Vaasa is not a place I/we have been before in the novels (from memory) but there wasn't an awful lot of it to see. I think the place, save for the brief glimpse at the half-orc enclave- Palischuk, was a bit underwhelming, I didn't really get a sense of it.

That said from the point the party of squabbling adventurers got to the repro Castle Perilous then we were back to the action adventure and smart arse lines from Jarlaxle (and Entreri). They truly are the married couple/full on bromance now. Don't get me wrong Entreri would still deny it, but... it just seems like Jarlaxle is trying to teach the assassin the meaning of love/trust. Kinda.

There's an action movie in almost every one of these (Salvatore novels) even/especially the ones headlined by the would-be villains here. They all have heart, but again- and louder, this one lacked place, for me.

Also the Arrayan/Tigerwillies grated a little bit, and the return of Calihye at the end a little too predictable, but that's okay- this isn't the kind of novel that goes places you hadn't already thought of. Again, that's not really Salvatore's schtick, he's just figured out that if you can invent plausible (within the mythos) (anti-)heroes, and give them a little chatter or cod-philosophy, and thus add depth, well.. you can get away with murder.

Again, and again- no doubt.

Read, easy to do so- mostly enjoyable, it's Robert Downey Jr (in bald cap with sombrero) and Jude Law (with a sneer) in Sherlock. Them two are really one, that kind of thing.

Take it easy and stay safe.

Cheers goonalan.

This one was alright that trilogy is getting near the end of the gas tank for his books.
 

Alzrius

The EN World kitten
Hi there, a bunch of questions for the experts-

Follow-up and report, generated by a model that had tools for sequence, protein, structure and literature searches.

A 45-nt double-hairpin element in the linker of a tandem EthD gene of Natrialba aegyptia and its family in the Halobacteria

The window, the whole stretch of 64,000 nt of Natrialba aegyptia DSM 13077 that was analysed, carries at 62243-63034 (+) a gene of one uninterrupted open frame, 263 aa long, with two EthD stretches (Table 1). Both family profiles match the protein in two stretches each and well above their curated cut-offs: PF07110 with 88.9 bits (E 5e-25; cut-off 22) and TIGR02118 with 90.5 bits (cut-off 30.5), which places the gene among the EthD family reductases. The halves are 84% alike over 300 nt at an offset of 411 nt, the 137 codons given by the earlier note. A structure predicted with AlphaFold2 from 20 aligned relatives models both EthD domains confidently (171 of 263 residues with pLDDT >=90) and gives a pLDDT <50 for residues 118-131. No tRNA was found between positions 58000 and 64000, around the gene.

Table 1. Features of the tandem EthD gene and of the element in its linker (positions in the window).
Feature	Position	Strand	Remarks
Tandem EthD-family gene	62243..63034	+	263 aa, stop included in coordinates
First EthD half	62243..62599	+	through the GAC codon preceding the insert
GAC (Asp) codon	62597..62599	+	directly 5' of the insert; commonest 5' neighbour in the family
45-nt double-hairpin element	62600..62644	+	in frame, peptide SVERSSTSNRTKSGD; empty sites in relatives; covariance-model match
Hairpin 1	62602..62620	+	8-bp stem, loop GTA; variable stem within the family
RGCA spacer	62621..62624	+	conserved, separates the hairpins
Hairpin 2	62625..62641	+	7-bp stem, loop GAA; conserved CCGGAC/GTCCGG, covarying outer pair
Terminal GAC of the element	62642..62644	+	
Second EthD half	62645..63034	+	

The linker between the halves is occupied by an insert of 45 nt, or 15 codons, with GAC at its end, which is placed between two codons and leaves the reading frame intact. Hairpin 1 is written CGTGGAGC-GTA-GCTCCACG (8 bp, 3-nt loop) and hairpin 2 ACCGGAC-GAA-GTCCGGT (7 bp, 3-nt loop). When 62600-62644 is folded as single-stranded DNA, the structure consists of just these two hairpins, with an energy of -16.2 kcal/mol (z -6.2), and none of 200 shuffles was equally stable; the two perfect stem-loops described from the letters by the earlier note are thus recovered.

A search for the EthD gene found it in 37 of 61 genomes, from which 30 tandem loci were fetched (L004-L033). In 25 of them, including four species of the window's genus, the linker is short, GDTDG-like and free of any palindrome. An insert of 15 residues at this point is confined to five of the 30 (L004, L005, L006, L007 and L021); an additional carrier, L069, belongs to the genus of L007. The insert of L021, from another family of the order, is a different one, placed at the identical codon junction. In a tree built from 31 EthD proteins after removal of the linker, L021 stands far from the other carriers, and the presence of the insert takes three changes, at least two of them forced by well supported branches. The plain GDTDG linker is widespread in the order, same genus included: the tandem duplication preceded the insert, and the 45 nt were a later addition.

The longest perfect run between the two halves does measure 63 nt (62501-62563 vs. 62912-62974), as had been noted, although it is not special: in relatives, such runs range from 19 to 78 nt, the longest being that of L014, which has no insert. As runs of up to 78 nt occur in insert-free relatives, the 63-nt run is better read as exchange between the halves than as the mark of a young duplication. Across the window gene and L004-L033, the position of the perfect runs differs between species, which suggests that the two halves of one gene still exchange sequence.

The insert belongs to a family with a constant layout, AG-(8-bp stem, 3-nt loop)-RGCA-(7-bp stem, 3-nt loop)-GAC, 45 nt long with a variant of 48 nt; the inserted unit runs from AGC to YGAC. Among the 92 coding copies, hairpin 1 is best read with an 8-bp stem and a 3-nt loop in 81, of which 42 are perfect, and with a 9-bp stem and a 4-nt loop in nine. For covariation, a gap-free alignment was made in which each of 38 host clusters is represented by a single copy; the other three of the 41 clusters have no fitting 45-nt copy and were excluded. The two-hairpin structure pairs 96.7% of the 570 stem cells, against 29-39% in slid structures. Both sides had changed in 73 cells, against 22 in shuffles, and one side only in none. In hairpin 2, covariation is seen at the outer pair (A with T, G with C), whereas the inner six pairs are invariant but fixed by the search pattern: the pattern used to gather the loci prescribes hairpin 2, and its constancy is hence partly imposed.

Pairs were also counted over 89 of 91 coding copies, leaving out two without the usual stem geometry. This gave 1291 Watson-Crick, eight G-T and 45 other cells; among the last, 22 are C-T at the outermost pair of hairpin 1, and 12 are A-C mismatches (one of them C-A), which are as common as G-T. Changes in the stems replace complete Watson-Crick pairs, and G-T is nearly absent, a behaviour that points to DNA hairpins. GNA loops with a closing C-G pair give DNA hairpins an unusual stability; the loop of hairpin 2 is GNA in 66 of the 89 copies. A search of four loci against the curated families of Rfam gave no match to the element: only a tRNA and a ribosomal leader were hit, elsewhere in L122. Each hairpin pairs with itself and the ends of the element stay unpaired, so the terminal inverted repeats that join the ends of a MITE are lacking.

1) Is this the correct order to read this series-

[...]

#139 The Summoning by Troy Denning (Return Archwizards 1)
#140 The Siege by Troy Denning (Return Archwizards 2)
#141 The Sorcerer by Troy Denning (Return Archwizards 3)
#142 Realms of Shadow Anthology Ed. Lizz Baldwin (Return Archwizards 4)
This is the only one of the trilogies you've outlined which I've read in its entirety, but that is the proper order in which to read them. The anthology (as with so many of those anthologies) has no direct connection to the main trilogy, but it's slightly easier to understand if you read it afterward, if only because the main idea explored in the various short stories (i.e. shadow magic) gets spotlighted in the trilogy.
 

Goonalan, my advice differs slightly from that given by Alzrius. I would say that you've got the recommended reading orders correct for everything except the Return of the Archwizards series.

Best to read that one in this order: The SummoningThe SiegeRealms of ShadowThe Sorcerer.

You certainly wouldn't want to read Realms of Shadow before The Siege. But all of the stories in that volume take place before The Sorcerer, and a couple of them help to explain various situations in that novel. They also help flesh out the concept of shadow magic, which I think would make your read of The Sorcerer more enjoyable, and by the time you've read the first two volumes it'll be a good time for the background provided by the distant-past tales near the beginning of RoS.

The two really important ones are The Threat from the Sea and The Year of Rogue Dragons. In both of those cases it's important to read them in the precise orders you've listed, because in each case the short story anthologies contain a story by the author of the main series that takes place between the main-series novel installments and bridges the gaps between the novels. (This only applies to the first Realms of the Dragons book, but best to read RotD2 in the given order anyway.) The Last Mythal is closer to Return of the Archwizards in this regard: better to read Realms of the Elves before the final volume, but not totally crucial to do so. It's crucial for Threat and Year.

Note that my recommended reading order also simply is the order of publication for these books. The orders you've already listed for the series conform to the original publication order, except Return of the Archwizards, where the original publication order is the one I've recommended.